[READING] [V & A Shipping] Chapter 9

V&A_Shipping

Chapter 9

The door to the machine closed so smoothly and rapidly that Joey didn’t even have time to react. It was surprising that it didn’t go dark despite the lack of a visible light source. Even more intriguing was that it frightened him.

“Elsa?” He didn’t want her to worry even though he didn’t know how he was going to get out. His voice didn’t seem to make any sound other than inside his own head. There was no echo like there should be inside a metallic cylinder.

He banged on the side with his fist. That also made no noise. It was like being trapped in a vacuum except he could breathe. The button he’d pushed wasn’t there any more. Now he grew concerned.

“Elsa!”

Joey pounded against the wall with no sound from either side of the machine’s wall. It had to be made of some sound-dampening material, but what?

The sounds of rustling leaves stirred all around him. Even a mild breeze started. The sound and the breeze both increased in intensity. Now was a fine time to panic!

Slamming against the door did no good. In fact it just plain hurt. Tendrils of white shot up from the floor and wrapped up his feet then his legs. He tried to tear them off with no success. Breath came in short gasps.

This can’t be happening. This is a machine! What is it doing to me? Why is it doing this? It shouldn’t even be working it’s so old. God what’s happening!

The white tendrils wrapped his arms to his body snugly, but not uncomfortable. Joey tried to take a deep breath before his face was covered over, but wasn’t successful as it spun its cocoon over his head. He was, however, still able to breathe. He relaxed slightly, but was afraid he might have wet himself. What would it matter? Maybe this was a death machine and Elsa was just waiting outside for him to be dead.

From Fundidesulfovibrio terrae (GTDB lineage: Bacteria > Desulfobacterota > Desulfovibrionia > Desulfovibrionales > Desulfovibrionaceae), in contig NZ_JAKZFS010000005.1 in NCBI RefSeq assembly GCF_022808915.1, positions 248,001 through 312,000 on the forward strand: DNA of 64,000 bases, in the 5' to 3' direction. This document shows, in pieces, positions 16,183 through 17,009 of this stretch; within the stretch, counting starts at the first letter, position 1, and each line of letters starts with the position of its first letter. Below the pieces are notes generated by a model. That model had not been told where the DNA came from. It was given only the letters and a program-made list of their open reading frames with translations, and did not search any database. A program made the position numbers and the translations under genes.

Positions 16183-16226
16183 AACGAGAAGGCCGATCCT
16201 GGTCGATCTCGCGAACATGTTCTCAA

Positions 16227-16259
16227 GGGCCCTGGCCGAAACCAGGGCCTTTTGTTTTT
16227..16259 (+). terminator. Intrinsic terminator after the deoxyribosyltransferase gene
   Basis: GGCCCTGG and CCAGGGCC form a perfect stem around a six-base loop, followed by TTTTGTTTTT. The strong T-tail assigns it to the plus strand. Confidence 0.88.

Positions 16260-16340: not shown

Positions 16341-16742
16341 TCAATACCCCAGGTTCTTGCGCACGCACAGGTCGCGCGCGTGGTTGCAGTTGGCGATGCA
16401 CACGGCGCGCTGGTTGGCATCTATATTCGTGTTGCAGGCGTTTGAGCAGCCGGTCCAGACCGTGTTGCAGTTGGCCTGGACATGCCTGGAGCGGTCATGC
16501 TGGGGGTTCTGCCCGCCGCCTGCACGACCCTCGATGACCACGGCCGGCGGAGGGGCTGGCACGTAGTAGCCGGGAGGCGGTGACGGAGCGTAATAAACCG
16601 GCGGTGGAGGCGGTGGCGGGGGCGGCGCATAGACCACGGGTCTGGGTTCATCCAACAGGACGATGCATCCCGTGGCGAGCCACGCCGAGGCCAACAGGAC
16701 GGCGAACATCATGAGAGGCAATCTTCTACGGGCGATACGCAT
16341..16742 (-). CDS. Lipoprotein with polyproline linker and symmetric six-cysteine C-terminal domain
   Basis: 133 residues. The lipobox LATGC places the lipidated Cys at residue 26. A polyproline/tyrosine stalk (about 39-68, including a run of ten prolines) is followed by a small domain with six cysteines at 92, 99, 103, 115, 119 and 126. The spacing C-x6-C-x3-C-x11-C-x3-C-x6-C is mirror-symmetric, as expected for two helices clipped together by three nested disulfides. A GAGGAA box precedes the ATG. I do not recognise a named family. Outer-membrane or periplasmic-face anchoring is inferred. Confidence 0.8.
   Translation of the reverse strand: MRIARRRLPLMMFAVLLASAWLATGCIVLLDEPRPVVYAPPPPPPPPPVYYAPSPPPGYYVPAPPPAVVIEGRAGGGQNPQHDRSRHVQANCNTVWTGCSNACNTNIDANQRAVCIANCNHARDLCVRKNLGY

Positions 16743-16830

There was a sensation of the floor falling away and everything went dark. By the warm feeling between his legs, Joey was now certain of what he’d done.

The darkness was bitterly cold; almost unbearably cold. He shivered and his teeth chattered slightly. Was this what it felt like to die? You wet yourself and then everything goes dark? But that couldn’t be right. Elsa said that her husband and son disappeared inside the machine. Where did they end up? Was he suddenly going to end up on the moon or something? That would be pretty bad. He’d last for about ten seconds before the freezing cold stiffened his body to nearly absolute zero.